For the pancakes
50g plain flour
1 large egg
1 large yolk
50ml cream sherry
butter for frying
1 x 500g block of puff pastry
40g candied citron peel, diced small
40g candied orange peel, diced small
40g candied lemon peel, diced small
40g dried sour cherries or barberries
4tbs caster sugar
1tsp ground cinnamon
1tsp ground nutmeg
2 large egg yolks
juice 1 lemon, strained
50ml cream sherry
2tbs caster sugar
2tsp cream sherry to finish
Egg white and caster sugar for glazing
- Whisk together the pancake ingredients and make four thin pancakes. Use a 1/4 cup measure to ensure the batter equally. Lay the cooked pancakes on kitchen paper and leave to cool.
- Grease your pie tin(s) and line with thinly (5mm) rolled puff pastry. Leave a generous edge overlapping the sides of the tins, to help secure the lid. Cut a lid a little larger than your pie. Chill the lid in the fridge.
- Pile the pancakes on top of one another, and place your lined pie tin on top. Cut around the base of the tin, to make four pie-sized pancakes. Eat the pancake offcuts and enjoy!
- Layer the pie contents as follows. For each layer:
- Place a pancake.
- Sprinkle 1tbs caster sugar.
- Sprinkle ¼tsp ground cinnamon.
- Sprinkle ¼tsp ground nutmeg.
- Sprinkle 10g candied citron peel.
- Sprinkle 10g candied lemon peel.
- Sprinkle 10g candied orange peel.
- Sprinkle 10g sour cherries or barberries.
- Cut 10g butter into tiny pieces and dot over.
- Repeat for all 4 layers.
- Heat the oven to 200°C, 180°C Fan.
- Remove the pastry lid from the fridge.
- Cut holes in the lid. You can do this by using a lattice wheel, or by cutting a lattice by hand. Alternatively, use small pastry cutters or even the wide end of a piping nozzle, to cut random holes in the pastry.
- Moisten the pie edge with water and carefully lay the lid over the filling. Press the edges together firmly, to seal, and then trim the excess with a sharp edge (I use my metal bench scraper).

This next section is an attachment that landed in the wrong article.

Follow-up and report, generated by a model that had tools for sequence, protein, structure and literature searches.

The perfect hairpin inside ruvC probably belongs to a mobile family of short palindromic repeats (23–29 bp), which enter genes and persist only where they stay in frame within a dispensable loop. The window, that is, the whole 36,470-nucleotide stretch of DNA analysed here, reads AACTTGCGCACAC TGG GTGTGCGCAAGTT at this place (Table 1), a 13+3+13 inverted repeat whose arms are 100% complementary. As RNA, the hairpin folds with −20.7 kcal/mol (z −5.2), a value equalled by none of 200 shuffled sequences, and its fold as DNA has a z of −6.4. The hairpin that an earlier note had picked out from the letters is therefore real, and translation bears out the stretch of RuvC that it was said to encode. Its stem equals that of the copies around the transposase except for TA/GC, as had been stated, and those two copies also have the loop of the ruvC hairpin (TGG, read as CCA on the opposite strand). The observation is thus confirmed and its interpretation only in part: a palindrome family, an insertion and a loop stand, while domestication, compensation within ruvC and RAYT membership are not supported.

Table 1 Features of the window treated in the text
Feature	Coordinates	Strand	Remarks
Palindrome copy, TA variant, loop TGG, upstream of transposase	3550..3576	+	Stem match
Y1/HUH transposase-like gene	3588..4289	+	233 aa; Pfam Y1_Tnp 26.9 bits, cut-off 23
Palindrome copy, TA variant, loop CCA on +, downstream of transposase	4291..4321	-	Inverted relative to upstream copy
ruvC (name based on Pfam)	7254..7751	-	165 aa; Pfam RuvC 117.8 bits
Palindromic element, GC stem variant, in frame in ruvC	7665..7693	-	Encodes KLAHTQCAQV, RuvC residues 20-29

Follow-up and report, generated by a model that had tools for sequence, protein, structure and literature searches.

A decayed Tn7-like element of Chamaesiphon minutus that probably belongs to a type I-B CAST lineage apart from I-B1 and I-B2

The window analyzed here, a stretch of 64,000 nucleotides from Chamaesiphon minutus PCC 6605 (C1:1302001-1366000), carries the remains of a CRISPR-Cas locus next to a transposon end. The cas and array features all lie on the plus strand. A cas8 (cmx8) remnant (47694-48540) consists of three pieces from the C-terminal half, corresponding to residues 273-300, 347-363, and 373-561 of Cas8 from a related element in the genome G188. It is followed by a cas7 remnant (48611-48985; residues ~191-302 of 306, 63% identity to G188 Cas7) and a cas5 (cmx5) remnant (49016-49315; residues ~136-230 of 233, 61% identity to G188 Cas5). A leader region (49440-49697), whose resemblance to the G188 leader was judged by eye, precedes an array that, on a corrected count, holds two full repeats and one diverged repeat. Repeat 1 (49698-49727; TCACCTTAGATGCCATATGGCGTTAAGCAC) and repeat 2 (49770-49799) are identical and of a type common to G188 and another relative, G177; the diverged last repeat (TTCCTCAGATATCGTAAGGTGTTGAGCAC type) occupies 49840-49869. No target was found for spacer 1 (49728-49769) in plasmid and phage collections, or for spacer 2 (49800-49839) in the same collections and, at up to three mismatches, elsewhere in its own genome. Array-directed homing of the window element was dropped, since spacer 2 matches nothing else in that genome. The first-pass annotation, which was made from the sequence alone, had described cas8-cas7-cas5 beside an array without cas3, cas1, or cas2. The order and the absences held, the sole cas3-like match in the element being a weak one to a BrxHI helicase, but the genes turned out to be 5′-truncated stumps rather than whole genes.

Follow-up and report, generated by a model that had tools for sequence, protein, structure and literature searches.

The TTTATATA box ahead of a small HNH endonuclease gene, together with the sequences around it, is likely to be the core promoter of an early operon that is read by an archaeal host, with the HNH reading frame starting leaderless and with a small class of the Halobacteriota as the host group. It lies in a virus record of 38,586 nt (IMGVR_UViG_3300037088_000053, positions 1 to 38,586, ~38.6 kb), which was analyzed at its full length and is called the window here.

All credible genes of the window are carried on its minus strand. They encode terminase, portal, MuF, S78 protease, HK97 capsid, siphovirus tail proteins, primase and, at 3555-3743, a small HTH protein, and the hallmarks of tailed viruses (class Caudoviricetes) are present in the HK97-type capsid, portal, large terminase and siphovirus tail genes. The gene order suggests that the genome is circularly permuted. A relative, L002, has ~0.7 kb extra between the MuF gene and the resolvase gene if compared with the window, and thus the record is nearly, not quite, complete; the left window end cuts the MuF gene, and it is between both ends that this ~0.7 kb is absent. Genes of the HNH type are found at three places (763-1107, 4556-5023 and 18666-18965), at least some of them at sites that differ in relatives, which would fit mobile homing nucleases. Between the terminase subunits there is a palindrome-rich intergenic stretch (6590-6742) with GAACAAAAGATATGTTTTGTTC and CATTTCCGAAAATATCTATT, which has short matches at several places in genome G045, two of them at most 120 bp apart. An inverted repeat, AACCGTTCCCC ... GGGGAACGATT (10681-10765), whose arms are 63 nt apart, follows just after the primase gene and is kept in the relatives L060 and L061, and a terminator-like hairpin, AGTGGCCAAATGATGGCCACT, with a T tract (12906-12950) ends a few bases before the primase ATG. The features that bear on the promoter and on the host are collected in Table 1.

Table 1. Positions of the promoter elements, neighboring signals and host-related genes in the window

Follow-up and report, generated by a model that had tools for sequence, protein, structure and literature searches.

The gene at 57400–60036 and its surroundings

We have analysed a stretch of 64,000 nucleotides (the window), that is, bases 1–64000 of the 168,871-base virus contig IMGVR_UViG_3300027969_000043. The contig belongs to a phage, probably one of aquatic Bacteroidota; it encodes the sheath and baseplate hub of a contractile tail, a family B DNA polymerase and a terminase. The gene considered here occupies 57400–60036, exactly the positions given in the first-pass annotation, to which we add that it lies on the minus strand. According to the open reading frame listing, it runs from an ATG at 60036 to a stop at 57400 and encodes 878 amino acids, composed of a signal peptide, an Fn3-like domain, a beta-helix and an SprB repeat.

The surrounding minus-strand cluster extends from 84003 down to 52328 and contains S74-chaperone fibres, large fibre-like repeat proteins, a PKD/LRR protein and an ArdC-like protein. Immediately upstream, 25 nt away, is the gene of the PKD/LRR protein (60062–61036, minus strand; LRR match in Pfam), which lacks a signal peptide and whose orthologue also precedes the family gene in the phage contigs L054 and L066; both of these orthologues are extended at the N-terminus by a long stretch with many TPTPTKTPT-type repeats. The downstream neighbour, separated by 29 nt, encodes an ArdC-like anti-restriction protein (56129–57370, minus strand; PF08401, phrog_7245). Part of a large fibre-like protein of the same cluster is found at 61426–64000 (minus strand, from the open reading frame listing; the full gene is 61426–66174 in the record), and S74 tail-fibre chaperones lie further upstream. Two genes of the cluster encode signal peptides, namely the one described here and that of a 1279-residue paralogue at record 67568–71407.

- Whisk an egg-white to froth and brush it over the pastry lid. Sprinkle with caster sugar.
- Bake for 35-40 minutes until the pastry is crisped and brown. Turn the pie around midway through cooking, to ensure even colouring. When fully baked, it will be easy to lift the edge of the pie and check that the base is also browned. If you’re making mini pies in 10cm tins, cooking time is 25 minutes, turning the tray around after 15 minutes.
- While the pie is baking, make the caudle, You can do this after the pie has been turned, so that it is ready to go when the pie is fully baked.
- Whisk the ingredients (except the final 2tsp sherry) in a pan over medium-low heat until the sugar has dissolved and the sauce has thickened. It should be of the consistency of single cream. If you think it looks too thin, whisk in an extra yolk. Taste, and add more sugar if needed. When ready to add to the pie, add the remaining sherry.
- Remove the pie from the tin to a wire cooling rack. Spoon/pour the caudle into the pie through the holes in the pastry lid. Gently shake the pie to help distribute the caudle.
- Allow the pie to cool for 15 minutes before enjoying.
- Best served warm. Delicious by itself, if you wanted to ‘gild the lily’, you could serve it alongside some unsweetened whipped cream.
¹ Of course, a week after publishing this post, I worked out that ‘Banyan Toat’ was a variation in spelling of ‘Banniet Tort’. a recipe published in Charles Carter’s “The Complete Practical Cook”, 1730.
2 thoughts on “Banyon Toat Pie”
That’s a distortion of banniet tort – exactly the same recipe, layers of pancakes/peel in a pastry case, although I’ve never seen cherries mentioned before – which does sound rather delicious, perhaps a variation invented by this cook.
Yes, I discovered that about a week after I posted, but didn’t update because I didn’t think anyone would be interested.
And you’re also right about it being delicious!